Banking is often viewed as the industry ripest for market disruption. Breakthroughs in consumer-pleasing technologies and the proliferation of overhyped fintechs are cited as reasons why community banks, in particular, are viewed as overweight, exhausted pugilists unable to make the grade in a new, highly competitive, tech-driven environment.

Experts would have us believe that conservative banks are a sitting target for the hundreds and hundreds of fintechs launched just last year. They position community banks — mired in a century of regulation and dragged down by expensive brick-and-mortar networks — as the dinosaurs of a forgotten age.

“Risk-averse” and “legacy-laden” may accurately describe community banks; however, that doesn’t condemn us to extinction. Our future doesn’t depend on a technology-first strategy. In fact, a stronger community focus is all that is needed for a community bank’s survival.

Boxing gloves
A handful of underfinanced startups aren’t enough to sink the industry. Community banks will survive digital disruption so long as they concentrate on what their customers want and need. Adobe Stock

The alleged game-changing weapons brandished by fintechs aren’t the big guns they think they are. Yes, getting a loan approval in 10 minutes or downloading an investment plan created by a robo-adviser onto a smartphone are welcomed customer conveniences. But if banks want to offer their customers those services, they’ll just buy the fintechs offering them. Fintechs are the ones scrambling to survive, and most of them will happily sell their wares for a few million dollars. The other nine out of 10 fintechs will simply fail.

Technology may drive disruptive innovation in most industries, but in banking, a handful of underfinanced fintechs aren’t enough to sink the industry. Furthermore, most community banks play catch-up, following the lead of the big banks in offering handy digital features and services. Whereas the digital-first strategy plays well for big, high-tech banks and their economies of scale, it is suicide for smaller institutions. The strategy doesn’t play to our strengths. Therefore, the community bank’s primary goal must focus on enhancing the customer experience — a priority the corporate culture must embrace and a roving team of internal implementers must lead.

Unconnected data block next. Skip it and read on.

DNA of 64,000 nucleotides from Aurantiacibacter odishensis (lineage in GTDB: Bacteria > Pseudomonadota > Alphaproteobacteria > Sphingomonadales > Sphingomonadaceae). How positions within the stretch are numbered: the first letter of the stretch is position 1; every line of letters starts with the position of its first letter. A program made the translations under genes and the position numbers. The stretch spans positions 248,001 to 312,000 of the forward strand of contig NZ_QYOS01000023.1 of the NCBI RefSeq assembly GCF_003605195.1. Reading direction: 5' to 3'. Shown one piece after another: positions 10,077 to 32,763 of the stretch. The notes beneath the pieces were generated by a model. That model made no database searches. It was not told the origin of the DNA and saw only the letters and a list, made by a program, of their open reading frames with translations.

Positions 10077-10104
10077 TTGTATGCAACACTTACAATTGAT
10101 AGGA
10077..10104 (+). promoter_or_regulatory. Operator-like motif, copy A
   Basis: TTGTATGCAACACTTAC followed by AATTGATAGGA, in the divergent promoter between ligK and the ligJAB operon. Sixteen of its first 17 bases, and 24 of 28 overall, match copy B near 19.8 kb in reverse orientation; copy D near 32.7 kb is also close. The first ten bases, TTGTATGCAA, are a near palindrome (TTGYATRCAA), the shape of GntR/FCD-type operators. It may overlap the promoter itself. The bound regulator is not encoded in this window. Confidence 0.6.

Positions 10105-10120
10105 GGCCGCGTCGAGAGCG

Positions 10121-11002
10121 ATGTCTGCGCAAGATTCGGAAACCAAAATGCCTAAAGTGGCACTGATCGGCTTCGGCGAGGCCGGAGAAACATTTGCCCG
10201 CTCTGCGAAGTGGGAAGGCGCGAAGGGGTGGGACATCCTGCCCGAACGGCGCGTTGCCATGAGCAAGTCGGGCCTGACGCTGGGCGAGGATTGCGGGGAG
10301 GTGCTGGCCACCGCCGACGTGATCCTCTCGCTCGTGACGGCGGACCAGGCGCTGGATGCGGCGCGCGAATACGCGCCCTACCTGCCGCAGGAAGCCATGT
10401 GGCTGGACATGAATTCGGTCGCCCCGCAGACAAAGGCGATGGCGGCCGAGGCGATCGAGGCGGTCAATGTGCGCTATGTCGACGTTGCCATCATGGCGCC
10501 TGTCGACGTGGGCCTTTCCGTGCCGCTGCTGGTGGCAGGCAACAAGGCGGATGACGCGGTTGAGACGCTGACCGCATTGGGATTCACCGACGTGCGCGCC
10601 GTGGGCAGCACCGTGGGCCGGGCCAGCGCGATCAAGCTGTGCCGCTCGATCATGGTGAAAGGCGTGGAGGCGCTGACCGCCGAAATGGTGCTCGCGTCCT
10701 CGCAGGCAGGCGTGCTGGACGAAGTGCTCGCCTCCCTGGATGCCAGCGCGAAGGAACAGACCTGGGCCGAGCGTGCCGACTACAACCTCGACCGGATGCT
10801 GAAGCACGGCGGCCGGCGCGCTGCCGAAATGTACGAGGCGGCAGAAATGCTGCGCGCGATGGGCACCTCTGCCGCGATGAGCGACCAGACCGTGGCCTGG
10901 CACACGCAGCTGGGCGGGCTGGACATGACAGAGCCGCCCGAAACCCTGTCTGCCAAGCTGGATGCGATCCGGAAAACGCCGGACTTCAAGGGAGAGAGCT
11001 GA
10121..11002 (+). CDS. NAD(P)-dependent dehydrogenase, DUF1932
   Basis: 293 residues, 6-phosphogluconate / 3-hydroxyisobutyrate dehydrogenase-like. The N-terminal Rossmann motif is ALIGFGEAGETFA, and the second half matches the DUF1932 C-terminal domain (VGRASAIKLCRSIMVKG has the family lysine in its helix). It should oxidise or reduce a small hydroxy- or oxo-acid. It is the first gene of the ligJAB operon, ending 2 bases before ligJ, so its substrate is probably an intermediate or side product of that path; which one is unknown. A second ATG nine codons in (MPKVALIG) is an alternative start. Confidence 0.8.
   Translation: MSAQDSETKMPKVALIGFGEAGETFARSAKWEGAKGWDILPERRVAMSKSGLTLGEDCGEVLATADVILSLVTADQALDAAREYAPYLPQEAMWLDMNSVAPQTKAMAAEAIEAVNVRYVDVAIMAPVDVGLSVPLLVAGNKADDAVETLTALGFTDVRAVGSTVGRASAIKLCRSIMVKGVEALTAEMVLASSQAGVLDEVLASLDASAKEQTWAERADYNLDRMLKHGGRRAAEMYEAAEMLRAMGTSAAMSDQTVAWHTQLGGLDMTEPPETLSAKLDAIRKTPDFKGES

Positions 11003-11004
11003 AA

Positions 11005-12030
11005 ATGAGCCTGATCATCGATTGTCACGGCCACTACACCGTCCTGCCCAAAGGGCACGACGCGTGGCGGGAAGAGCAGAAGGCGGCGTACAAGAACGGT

The stakes are high. Not all community banks will survive. Many institutions are on a toboggan run that won’t end until they crash into the backstop. Competition is simply too intense, regulations are too expensive and management is too complacent. But instead of worrying about what a fintech is doing, banks’ survival plans should hinge on constantly improving the customer experience.

To succeed in this mission, community banks must emulate innovative online retailers, like Amazon, whose initiatives are not grand but generally minor and intuitive and add up to a beloved brand. Initiatives such as auto-filled forms, an easy return process, if-this-then-that recommendations and product ratings make the process easier for Amazon shoppers. Not satisfied with achieving next-day delivery, Amazon is now sinking hundreds of millions to make same-day deliveries — all in the name of improving customer service. Speeding up interactions, of course, is a critical element for increasing customer satisfaction and is also why online retailers are continuing to invest in their websites. Retailers know 40% of web visitors will abandon a site if it takes more than three seconds to load. Time matters in in-person transactions, too. McDonald’s, for instance, is putting in self-service kiosks and rolling out an app to save customers seven seconds on ordering food. An extra seven seconds is not a big worry in banking. But it would be if we were putting customer experience first.

Banks have the luxury of relating to customers on a one-to-one level, but we don’t take advantage of these customer interactions. We still end up in the least-loved brand category. The difference between us and the top-rated brands like Amazon is an unrelenting focus on customer satisfaction. When customers provide feedback, we see their suggestions as burden more than a mission.

Why don’t we remind customers how to avoid fees? Why don’t we compensate bankers based on making customers happy instead of boosting our bottom lines? A focus on immediate profit is more than shortsighted; it’s the industry’s Achilles’ heel.

Banks that change their culture, focus on customer happiness and consistently improve service will end up the winners. Disruption is in the details.

Kevin Tynan

Kevin Tynan

Kevin Tynan is senior vice president for marketing at Liberty Bank for Savings in Chicago.

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